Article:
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In the age of e-commerce, it’s tough for cold, hard cash to keep up. Money transfer apps allow you to send digital funds to friends instantly, and mobile wallets give you the freedom to check out with a quick tap of your cell phone. Many companies—from Starbucks to PetSmart—have their own mobile payment apps. There’s no doubt that tech makes every day errands easier. But does convenience come at a cost? How safe is mobile pay, really?

Money transfer apps

Peer-to-peer payment services like Venmo, Paypal and Square Cash make transferring and requesting funds simple—important, since fewer and fewer people carry cash. All three apps comply with the same security standards upheld by Visa and MasterCard, so your digital transfers are technically as safe as physical debit or credit card transactions.

Mobile wallets

Mobile wallets store virtual credit cards on your phone so you can pay brick-and-mortar merchants with your smart device. The big players? Apple Pay, Android Pay, Samsung Pay. (See a trend?)

These applications are device-specific, but they all operate on the same principle. Through a process called tokenization, your actual credit card information is replaced with a series of random numbers. After verifying your ID (usually via fingerprint or passcode), your phone generates a one-time code that’s sent to your bank and approved in real-time. Since the merchant never truly receives your confidential card information, the data is useless if it falls into the hands of hackers.

Security secret weapon: 2FA

Most major mobile pay applications leverage two-factor authentication (2FA) for an extra layer of security. As the name suggests, two-factor authentication requires two different types of credentials to complete an action. For example, in addition to your normal password, you may have to input a temporary code or a finger print scan. 2FA isn’t hack-proof, but it’s more difficult for cyber criminals to steal multiple credentials than to steal just one.

Four tips for extra protection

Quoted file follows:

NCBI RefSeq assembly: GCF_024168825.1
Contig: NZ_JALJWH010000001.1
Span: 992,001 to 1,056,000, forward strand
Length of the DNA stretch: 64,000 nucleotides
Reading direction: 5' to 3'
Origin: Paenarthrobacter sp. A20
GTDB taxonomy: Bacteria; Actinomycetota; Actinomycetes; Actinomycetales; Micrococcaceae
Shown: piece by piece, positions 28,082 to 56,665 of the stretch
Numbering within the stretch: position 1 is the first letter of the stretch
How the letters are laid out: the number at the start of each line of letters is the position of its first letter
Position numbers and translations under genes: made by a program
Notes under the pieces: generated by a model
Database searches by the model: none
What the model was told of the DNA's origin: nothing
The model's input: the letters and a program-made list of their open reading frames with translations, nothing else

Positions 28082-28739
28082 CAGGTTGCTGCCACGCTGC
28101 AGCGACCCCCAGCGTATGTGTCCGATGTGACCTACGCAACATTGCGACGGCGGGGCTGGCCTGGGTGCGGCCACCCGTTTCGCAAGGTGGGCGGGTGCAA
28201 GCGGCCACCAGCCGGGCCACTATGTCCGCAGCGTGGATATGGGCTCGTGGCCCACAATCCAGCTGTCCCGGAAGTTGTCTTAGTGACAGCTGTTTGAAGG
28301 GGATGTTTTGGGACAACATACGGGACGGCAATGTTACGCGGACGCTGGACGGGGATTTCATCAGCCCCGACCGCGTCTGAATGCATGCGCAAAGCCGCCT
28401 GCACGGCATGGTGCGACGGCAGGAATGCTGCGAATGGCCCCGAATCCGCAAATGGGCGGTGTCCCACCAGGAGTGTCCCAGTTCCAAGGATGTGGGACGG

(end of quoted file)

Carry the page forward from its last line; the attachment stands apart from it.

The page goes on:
Most money transfer apps and mobile wallets are backed by advanced security features. But no payment method protects your account 100%—not even the plastic cards in your physical wallet. Online transactions, too, are only as safe as you make them. Luckily, we’ve got four ways to make them even more secure:

Follow password best practices

Make sure you’re using strong passwords for your apps and accounts. These basic rules should get you started:

  • Include a variety of special characters, capital letters and numbers.
  • Create a unique password for each account.
  • Store your passwords somewhere safe. (A post-it-note on your desk doesn’t count.)

If you’re looking for a complete guide, check out these tips from Google.

Have a backup plan

Register your phone with a device manager like Find My iPhone. If your phone is ever lost or stolen, you’ll be able to remotely erase important data.

Watch network security

Public Wi-Fi hotspots are convenient, but their lax security requirements make users an easy target for hackers. Avoid making transactions or typing in passwords over public Wi-Fi. There’s no guarantee that a data miner is snooping on your web traffic, but it’s better to be safe than sorry.

Give your apps a background check

Vet mobile payment apps before you download them. Review their security measures and steer clear of the ones that don’t use two-factor authentication. Unsure what’s considered safe? Read up on security guidelines established by the Payment Card Industry Security Standards Council.